Saturday, November 19, 2011

Spicy Lamb Leg with Pumpkin & Couscous Salad

Lamb leg has everything I want in a piece of meat. It's tender, juicy, easy to cook, inexpensive and has an appropriate amount of fat. When you roast it, every part of it is delightful to eat. It's not fidgety like other cuts where you have to cook it in several pots and pans and you end up spending more time cleaning than eating. The fat renders off beautifully in the oven and it all melts in your mouth.

I love a roast with an intense spice rub. There's a lot of meat on that bone so you need a lot of flavour. This rub is so delicious and a great example of using spices for their flavour rather than heat. When it mixes in with the lamb juices, it's a marriage made in heaven.
A couscous salad is the perfect way to soak up those beautiful juices, not to mention it's dead simple to make. I also put in some roast pumpkin (tossed in those lovely spices) for colour and sweetness.

Spicy lamb leg

You'll need:

Lamb leg (mine was 1.5kg)
1 tablespoon turmeric
1 tablespoon paprika
1 tablespoon ground cumin
5 cloves garlic, minced
1 tablespoon grated ginger
Birdseye chilis (to taste)
2 tablespoons olive oil
2 tablespoons lemon juice
1 tablespoon salt

Combine turmeric, paprika, cumin, garlic, ginger, chili, olive oil and lemon juice in a mixing bowl.

Wash and pat dry lamb leg with paper towels.

Rub the spice mixture onto the lamb.

Marinade in fridge for at least an hour. The lemon juice tenderises the meat so the longer the better.

Preheat oven to 170°C.

Roast lamb on a wire rack for 1 hour 20 minutes for every 1.5kg. (I know my oven is pretty slow so I left it in for an extra 10 minutes.)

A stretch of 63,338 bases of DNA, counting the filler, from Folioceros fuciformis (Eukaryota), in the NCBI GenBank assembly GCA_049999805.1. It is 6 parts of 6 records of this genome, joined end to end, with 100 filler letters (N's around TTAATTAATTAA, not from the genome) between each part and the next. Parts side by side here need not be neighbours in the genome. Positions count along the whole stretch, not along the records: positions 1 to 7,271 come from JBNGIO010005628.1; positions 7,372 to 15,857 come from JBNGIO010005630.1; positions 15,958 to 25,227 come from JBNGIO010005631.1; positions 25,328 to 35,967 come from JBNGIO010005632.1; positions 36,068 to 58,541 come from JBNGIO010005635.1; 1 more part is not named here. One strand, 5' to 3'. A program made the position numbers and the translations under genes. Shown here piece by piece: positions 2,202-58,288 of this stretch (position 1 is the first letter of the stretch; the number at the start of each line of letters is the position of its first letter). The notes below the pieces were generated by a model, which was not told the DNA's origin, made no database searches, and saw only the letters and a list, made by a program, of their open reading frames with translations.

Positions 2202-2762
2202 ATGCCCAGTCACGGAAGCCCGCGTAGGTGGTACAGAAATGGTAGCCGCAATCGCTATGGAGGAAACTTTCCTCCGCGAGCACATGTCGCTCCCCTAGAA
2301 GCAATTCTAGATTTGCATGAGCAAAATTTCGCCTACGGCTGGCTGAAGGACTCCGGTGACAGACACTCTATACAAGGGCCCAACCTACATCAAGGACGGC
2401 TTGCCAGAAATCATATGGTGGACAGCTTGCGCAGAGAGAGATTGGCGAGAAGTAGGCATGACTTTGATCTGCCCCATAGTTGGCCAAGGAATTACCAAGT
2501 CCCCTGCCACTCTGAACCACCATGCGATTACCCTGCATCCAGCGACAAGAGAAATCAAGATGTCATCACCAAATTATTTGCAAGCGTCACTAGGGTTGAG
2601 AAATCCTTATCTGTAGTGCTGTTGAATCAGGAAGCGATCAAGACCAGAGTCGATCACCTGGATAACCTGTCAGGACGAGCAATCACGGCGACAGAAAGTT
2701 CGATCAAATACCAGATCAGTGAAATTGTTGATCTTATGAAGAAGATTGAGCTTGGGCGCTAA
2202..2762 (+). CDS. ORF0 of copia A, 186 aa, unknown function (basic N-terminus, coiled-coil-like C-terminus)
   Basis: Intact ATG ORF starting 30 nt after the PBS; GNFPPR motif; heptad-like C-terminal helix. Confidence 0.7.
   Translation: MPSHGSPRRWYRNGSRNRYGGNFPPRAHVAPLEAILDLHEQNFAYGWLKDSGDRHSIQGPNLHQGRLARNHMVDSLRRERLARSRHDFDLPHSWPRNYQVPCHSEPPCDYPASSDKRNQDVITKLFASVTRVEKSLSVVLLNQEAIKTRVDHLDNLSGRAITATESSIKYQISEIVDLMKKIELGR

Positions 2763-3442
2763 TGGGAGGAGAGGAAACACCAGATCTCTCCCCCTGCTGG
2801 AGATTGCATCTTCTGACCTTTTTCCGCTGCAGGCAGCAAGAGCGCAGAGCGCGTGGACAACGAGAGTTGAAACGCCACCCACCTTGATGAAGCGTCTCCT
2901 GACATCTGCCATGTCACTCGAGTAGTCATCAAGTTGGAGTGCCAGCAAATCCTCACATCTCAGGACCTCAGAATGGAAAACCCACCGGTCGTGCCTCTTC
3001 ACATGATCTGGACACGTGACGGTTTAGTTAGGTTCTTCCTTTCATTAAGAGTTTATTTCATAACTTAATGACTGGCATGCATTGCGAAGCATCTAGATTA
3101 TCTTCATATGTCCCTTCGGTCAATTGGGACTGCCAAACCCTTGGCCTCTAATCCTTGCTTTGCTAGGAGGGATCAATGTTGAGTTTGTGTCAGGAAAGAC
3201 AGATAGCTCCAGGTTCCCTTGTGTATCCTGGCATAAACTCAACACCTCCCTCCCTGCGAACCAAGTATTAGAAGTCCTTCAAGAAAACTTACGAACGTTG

Rest for at least half an hour.

It should be beautifully pink medium-rare, so juicy and tender it will hardly hold onto your fork.

Pumpkin & couscous salad

You'll need:

500g pumpkin, diced
1 cup couscous
1 cup boiling water
1 tablespoon extra virgin olive oil
Pinch of salt
Juice of one lemon
½ cup red onion, finely diced
½ cup raisins
Handful of mint leaves, roughly chopped

Toss the pumpkin in any left over marinade and roast with lamb for 1 hour on a baking tray in a single layer.

Combine couscous, olive oil, salt and water in a large bowl. Cover with plastic wrap for 10 minutes.

Separate couscous with a fork and mix in pumpkin, lemon juice, onion, raisins and mint.


Friday, November 4, 2011

Homemade Banana Ice Cream in Peanut Butter Jelly Sandwiches

I never understood the appeal of a frozen banana until I tried it myself. I knew that vodka and gin stayed nice and unfrozen in the freezer - but putting a piece of fruit in there? Surely it'd come out rock hard (don't mind the innuendo). Somehow, it doesn't. It's creamy and chewable, kind of like... ice cream! Mix it with a bit of cream and voila - creamy, smooth, scoopable ice cream!

The best thing about this is it's much healthier than store-bought ice creams. There's no preservatives, you can control how much sugar you put in (or even substitute sugar with honey, maple syrup or agave nectar) and most of it's fruit. Plus, you're not spending hard earned money on packaging.

What better way to have it than to serve it with peanut butter and jelly - an unbeatable combination. You've got the salty P, the creamy B and the sweet J (there's the innuendo again). Squish it between two layers of crunchy cookie and you've got yourself one hell of an ice creamy sandwich.

Banana ice cream

You'll need:

2 bananas
200ml thickened cream
½-1 cup castor sugar, depending on how sweet the bananas are

Peel and puree the bananas. You can use a food processor. If you don't have a food processor, like me, you can use a potato ricer.

Combine cream and sugar and whip until soft peaks form.

Gently fold the two together and place in an air-tight container.

Chill in freezer overnight. (It takes longer to set than other ice creams.)

Sandwich with cookies, peanut butter and strawberry or raspberry jam. Easy.